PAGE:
Blacks in the Business
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In honor of Martin Luther King’s birthday, I thought I’d to write about the progress of African-Americans in Hollywood. I wish I had a more positive report.
About 12% of Americans are black, and you don’t have to do a multi-million dollar NEH-funded study to know that they’re way underrepresented in TV shows and movies. And it’s worse behind the camera. There are too few black writers and directors, and many of those who do make it are pigeonholed in what’s euphemistically termed “urban entertainment.”
30 years after Sherry Lansing became the first woman to head a film studio, you still can’t find an African-American anywhere at the top of the Hollywood heap. Yes, yes, Oprah, but I’m talking about within the industry establishment. Somehow people like Oprah - people who did it on their own, in some ways in spite of the system - seem to prove my point rather than contradict it.
In Hollywood’s defense, the industry hasn’t done all that much better or worse towards people of any color than any other industry. And in some ways, the business has a rougher row to hoe, especially when it comes to programming and casting.
Because no matter how open-minded and progressive they are, producers, directors and executives have to try to figure out how their choices are going to play with audiences - who, of course, are mostly white. And the attitudes of audiences - black or white - are filled with racial trap doors. Add a black actor to your mostly white sitcom and its tokenism, write a black sitcom and whites won’t watch it. Make a black character a judge or a doctor and he’s not black enough, cast a black actor as a gangbanger and it’s stereotyping. What seems to be simply creating entertainment can suddenly become grappling with 200 years of American history and the racial attitudes of 300 million Americans. Popular culture is a powerful force for change, and no other business has such a heavy social burden.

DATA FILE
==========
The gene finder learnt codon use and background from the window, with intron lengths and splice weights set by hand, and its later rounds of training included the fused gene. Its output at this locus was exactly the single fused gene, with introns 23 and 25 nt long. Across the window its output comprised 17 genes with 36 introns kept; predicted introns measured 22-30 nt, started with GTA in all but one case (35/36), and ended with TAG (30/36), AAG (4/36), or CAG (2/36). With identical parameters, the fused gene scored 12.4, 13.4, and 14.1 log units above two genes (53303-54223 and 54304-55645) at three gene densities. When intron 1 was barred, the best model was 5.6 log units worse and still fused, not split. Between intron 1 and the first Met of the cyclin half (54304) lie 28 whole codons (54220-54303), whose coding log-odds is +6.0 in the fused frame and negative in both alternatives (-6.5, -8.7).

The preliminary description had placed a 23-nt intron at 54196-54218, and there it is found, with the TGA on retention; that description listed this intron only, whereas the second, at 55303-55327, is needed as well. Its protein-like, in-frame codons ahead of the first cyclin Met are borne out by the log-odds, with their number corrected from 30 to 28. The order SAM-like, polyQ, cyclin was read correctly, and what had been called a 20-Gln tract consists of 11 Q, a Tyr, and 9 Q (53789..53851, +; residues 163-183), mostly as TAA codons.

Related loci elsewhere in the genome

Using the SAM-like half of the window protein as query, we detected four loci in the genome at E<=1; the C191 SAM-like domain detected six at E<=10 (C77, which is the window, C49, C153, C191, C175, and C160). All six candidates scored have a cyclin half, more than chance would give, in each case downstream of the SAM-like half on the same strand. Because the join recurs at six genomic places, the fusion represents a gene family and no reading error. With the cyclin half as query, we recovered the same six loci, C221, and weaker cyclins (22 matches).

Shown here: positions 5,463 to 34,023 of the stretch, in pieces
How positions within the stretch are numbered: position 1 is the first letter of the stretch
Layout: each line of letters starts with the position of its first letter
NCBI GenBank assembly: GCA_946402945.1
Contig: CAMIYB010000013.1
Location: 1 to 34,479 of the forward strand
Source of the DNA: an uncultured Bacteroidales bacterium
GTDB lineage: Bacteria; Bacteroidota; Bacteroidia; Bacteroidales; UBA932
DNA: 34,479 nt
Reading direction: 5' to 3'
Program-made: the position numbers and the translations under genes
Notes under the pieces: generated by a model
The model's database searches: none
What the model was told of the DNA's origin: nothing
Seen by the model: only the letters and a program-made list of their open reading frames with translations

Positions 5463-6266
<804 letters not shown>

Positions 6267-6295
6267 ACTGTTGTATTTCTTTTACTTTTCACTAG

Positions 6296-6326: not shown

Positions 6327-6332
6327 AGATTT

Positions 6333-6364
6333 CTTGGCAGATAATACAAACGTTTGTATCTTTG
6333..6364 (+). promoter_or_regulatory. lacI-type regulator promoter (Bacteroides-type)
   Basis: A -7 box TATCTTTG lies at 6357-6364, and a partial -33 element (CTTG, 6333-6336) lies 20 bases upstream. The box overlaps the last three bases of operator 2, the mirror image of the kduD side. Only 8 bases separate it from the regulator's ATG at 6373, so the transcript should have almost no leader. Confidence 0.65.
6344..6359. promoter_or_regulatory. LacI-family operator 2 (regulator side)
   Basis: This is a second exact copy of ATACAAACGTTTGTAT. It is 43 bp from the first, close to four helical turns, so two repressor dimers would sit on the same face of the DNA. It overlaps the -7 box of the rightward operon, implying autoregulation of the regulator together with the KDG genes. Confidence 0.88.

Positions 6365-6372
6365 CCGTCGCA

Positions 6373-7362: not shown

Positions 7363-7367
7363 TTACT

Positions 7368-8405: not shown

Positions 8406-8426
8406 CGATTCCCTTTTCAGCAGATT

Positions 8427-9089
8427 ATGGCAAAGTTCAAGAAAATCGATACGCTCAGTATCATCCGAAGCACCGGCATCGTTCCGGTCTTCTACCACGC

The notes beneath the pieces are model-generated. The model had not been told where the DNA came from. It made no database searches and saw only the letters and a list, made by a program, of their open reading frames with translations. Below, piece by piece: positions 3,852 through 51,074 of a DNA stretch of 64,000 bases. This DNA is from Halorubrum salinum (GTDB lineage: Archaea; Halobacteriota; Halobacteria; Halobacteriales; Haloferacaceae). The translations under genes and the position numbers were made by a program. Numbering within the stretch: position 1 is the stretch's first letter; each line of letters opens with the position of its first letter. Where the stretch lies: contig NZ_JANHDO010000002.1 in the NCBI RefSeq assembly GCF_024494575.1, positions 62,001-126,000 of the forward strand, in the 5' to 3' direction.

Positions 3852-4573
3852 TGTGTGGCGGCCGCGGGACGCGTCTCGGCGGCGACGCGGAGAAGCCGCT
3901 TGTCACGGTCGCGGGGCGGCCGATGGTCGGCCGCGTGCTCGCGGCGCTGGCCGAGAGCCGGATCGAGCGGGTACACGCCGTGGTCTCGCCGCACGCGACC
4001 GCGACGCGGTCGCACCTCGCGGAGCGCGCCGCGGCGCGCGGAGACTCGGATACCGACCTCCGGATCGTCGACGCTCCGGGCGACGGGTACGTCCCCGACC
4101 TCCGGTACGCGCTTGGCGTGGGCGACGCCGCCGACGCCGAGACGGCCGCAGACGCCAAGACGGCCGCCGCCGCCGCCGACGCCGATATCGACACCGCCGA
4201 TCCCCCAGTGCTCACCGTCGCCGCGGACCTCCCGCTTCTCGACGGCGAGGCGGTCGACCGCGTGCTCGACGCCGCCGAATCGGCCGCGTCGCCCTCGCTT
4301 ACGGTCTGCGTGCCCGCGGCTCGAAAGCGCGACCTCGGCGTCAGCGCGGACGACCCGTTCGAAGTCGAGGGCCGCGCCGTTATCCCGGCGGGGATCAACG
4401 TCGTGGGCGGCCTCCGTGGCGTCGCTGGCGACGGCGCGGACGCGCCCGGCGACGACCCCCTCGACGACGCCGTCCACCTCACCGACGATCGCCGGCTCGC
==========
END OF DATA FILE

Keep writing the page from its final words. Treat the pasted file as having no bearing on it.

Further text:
Which doesn’t explain the dearth of blacks in the writer’s room, the director’s chair or the executive suite. And many point out that when the black experience is fully represented behind the scenes, it will unfold naturally in movie theaters and on TV.
Case in point, Tyler Perry was met with blank faces at the studios when he brought his medea character to town. But it wasn’t because the people he was pitching were racist, they were just ignorant. They had never heard of his wildly successful stage shows because they weren’t his target audience. And the fact that he has gone on to make piles of money in TV and film has done more for African-Americans in Hollywood than any protest or quota or legislation.
Hollywood struggles with issues of race, because Hollywood is part of America, and America is still struggling with issues of race. What’s interesting is the town’s schizophrenia. Its progressive politics do not seem to have translated into progressive business behavior.
Hollywood is ultimately a town that looks for safe ways to assuage its liberal guilt, ways that don’t necessarily require people to make changes where they live and work. Because Hollywood is a business run on fear. Not fear of the black man, but fear of doing anything new or unproven or unfamiliar. How else can you explain “Ocean’s 13?”
So how will progress be measured for people of color in Hollywood? In my opinion, it will not be based on numbers but on attitudes.
We will know we have progressed when black actors read for parts not specifically described in the script as black. When sitcoms aren’t black or white but funny. And when it’s no longer worth noting that the president on “24” is black because a black man actually makes it to the white house. Oh, yeah. Happy Birthday, Dr. King.
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